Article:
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GCAS Course, “Thinking Impossible: Critical Thinking Ideology & Revolution”

GCAS Course, “Thinking Impossible: Critical Thinking Ideology & Revolution”Screen Shot 2015-01-24 at 4.20.30 PM

The Global Center for Advanced Studies (GCAS) announces a course taught by professor, Creston Davis

Office Hours:  Scheduled per appointment

Meeting Times:  Saturday, March 14-May 30 (Noon EST-2PM)

Three-Credit Hours

Guest Lecturers:  Alain Badiou, Howard Caygill, Alex Callinicos, Maria Nikolakaki, Peter Mclaren

(Only 15 Seats available as we want to create an open, collaborative space)

The hypothesis of this course is that thinking has been rendered impossible. 

The goal of this course is to strategize the materialist conditions for resurrecting thinking-as-action in our time.  

The Deadlock

This course will identify the deadlock of thinking articulated in our contemporary (global/local) scenes that confronts us today and the challenges that we must overcome to ground thinking as a revolutionary act in order to reformulate the materialist conditions of a commons.  We will do this by drawing on the thought of the Marxist political economist, Alex Callinicos, philosophers, Alain Badiou & Howard Caygill, the literary critic Terry Eagleton, and the radical educators, Maria Nikolakaki & Peter Mclaren. 

The Challenge

The challenge for thinking today is configured into a deadlock: One the one hand, there is ideology which domesticates critical thinking into conformity (i.e., you can talk about post-structuralism, postmodernism etc. but at the end of the day, theorizing is ultimately unable to overthrow the dominant social order neoliberalism etc. and thus only ever reproduces it.  On the other hand, to resist this trend that domesticates critical thinking into conformity (reproduction of capitalism via what passes as “critical thinking” in the university etc.), the theorist today is forced to think in radical isolation. 

The Strategy

This course is designed to: (a) think through the historical and materialist conditions of the deadlock of “thinking”; and (b) to suggest some ways of overcoming the deadlock by grounding thinking/thought into a materialist strategy for our time.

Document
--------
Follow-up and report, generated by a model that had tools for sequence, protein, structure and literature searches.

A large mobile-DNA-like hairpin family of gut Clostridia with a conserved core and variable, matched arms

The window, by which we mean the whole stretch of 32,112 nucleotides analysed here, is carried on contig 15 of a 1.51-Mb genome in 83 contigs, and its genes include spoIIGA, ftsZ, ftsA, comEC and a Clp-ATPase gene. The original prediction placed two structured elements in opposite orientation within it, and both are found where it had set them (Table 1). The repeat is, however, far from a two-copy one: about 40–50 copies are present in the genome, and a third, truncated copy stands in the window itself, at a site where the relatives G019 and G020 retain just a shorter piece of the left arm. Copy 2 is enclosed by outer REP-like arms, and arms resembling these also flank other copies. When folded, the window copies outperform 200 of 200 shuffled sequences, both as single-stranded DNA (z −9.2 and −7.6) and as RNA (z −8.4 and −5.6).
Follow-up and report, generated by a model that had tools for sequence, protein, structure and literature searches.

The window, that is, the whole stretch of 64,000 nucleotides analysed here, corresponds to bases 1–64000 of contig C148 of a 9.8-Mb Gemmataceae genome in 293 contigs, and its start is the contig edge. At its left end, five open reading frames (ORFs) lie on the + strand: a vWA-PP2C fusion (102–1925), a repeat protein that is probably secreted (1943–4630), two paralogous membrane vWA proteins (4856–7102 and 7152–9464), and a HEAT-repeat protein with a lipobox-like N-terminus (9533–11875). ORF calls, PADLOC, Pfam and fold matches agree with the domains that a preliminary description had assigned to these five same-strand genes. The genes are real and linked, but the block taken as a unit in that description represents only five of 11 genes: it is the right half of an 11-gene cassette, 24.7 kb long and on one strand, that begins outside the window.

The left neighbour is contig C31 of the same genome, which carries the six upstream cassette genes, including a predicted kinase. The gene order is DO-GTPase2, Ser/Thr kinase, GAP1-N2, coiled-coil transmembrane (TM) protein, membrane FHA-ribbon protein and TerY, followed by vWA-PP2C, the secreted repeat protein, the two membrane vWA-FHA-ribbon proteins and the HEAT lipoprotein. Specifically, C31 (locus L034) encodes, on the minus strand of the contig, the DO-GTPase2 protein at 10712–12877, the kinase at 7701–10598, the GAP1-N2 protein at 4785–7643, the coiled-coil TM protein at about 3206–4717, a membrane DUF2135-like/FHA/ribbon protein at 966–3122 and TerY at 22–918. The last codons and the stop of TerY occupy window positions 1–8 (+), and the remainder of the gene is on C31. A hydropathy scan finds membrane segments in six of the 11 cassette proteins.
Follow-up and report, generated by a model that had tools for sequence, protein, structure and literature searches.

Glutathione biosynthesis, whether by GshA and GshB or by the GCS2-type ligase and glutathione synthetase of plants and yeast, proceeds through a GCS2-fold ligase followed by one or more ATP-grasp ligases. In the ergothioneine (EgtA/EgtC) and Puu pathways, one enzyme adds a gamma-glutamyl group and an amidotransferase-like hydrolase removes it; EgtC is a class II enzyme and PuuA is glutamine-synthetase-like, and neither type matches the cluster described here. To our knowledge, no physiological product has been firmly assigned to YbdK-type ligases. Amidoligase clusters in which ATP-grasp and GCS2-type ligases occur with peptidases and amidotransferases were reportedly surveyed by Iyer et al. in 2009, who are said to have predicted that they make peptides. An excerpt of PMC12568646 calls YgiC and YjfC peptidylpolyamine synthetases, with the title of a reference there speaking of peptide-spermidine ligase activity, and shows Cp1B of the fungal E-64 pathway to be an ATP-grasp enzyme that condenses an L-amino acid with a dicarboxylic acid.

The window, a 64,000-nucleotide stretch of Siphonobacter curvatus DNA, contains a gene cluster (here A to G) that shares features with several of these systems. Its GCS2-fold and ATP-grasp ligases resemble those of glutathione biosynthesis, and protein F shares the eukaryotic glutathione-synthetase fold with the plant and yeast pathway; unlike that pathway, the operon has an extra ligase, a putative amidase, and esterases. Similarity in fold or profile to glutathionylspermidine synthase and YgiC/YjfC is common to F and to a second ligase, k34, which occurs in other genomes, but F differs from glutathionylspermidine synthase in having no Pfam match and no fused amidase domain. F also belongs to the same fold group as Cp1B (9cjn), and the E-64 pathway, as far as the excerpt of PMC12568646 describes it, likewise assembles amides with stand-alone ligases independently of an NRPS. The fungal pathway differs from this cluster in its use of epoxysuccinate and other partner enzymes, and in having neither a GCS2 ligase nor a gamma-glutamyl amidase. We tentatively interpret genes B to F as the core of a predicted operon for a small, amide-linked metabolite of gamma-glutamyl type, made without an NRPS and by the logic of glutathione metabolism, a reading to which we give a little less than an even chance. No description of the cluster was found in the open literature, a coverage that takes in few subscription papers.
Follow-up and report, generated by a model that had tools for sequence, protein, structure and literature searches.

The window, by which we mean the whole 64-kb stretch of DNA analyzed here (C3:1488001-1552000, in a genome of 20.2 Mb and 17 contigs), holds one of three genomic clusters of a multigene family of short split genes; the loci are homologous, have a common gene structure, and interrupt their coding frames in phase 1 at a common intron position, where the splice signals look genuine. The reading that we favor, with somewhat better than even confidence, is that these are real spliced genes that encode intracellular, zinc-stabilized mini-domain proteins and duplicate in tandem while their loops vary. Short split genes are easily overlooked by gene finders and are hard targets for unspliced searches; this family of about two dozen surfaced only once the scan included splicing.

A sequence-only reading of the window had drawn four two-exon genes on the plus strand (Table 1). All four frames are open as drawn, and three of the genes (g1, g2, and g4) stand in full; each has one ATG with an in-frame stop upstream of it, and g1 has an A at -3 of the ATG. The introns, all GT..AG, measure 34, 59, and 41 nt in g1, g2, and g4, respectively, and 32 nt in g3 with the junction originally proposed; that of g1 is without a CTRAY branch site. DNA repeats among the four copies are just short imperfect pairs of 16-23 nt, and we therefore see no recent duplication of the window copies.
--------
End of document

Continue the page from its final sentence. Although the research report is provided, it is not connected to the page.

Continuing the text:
3 credits

Disciplines: Philosophy (ancient, modern, postmodern); Political Economy (Marxism); Literary Theory; Psychoanalysis; Critical Theory; Education

Subjects: Ideology, Materialism, Critical Pedagogy

Texts

Alex Callinicos,  Against Postmodernism: A Marxist Critique

Alain Badiou, The Rebirth of History:  Time of Riots and Uprisings

Terry Eagleton, The Illusions of Postmodernism

Maria Nikolakaki, Critical Pedagogy in the New Dark Ages (ed.)

Howard Caygill, On Resistance: A Philosophy of Defiance

Laclau & Mouffe, Hegemony & Socialist Strategy

Slavoj Zizek, The Sublime Object of Ideology

Schedule:  Class meets Noon-2pm EST (Saturdays)

March 14  Introduction (Assignment:  Define “Impossible” and describe the conditions for rendering something impossible)

March 21  The Critique of Postmodernism Part I (Alex Callinicos)

March 28  The Critique of Postmodernism  Part II (Eagleton)

April  4    Presentations

April 11   Slavoj Zizek, The Sublime Object of Ideology

April 18   Alain Badiou, The Rebirth of History (Alain Badiou)

April 25   Laclau & Mouffe, Hegemony & Socialist Strategy

May 2     On Resistance: A Philosophy of Defiance

May 9     On Resistance: A Philosophy of Defiance (Guest: Howard Caygill)

May 16   The Materialist Context for Thinking:  Critical Pedagogy

May 23   Student Presentations

May 30   Student Presentations/ Conclusions

Grading:

Attendance & Participation [in class]:  20%

Presentation:  30%

Writing Assignments: 30% [in the GCAS e-class platform]

Final 5 page research paper: 20%

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One comment on “GCAS Course, “Thinking Impossible: Critical Thinking Ideology & Revolution”

  1. Pingback: Prof. Caygill Howard to Lecture in GCAS Course, May 9th | GCAS--The BLOG

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This entry was posted on January 24, 2015 by .
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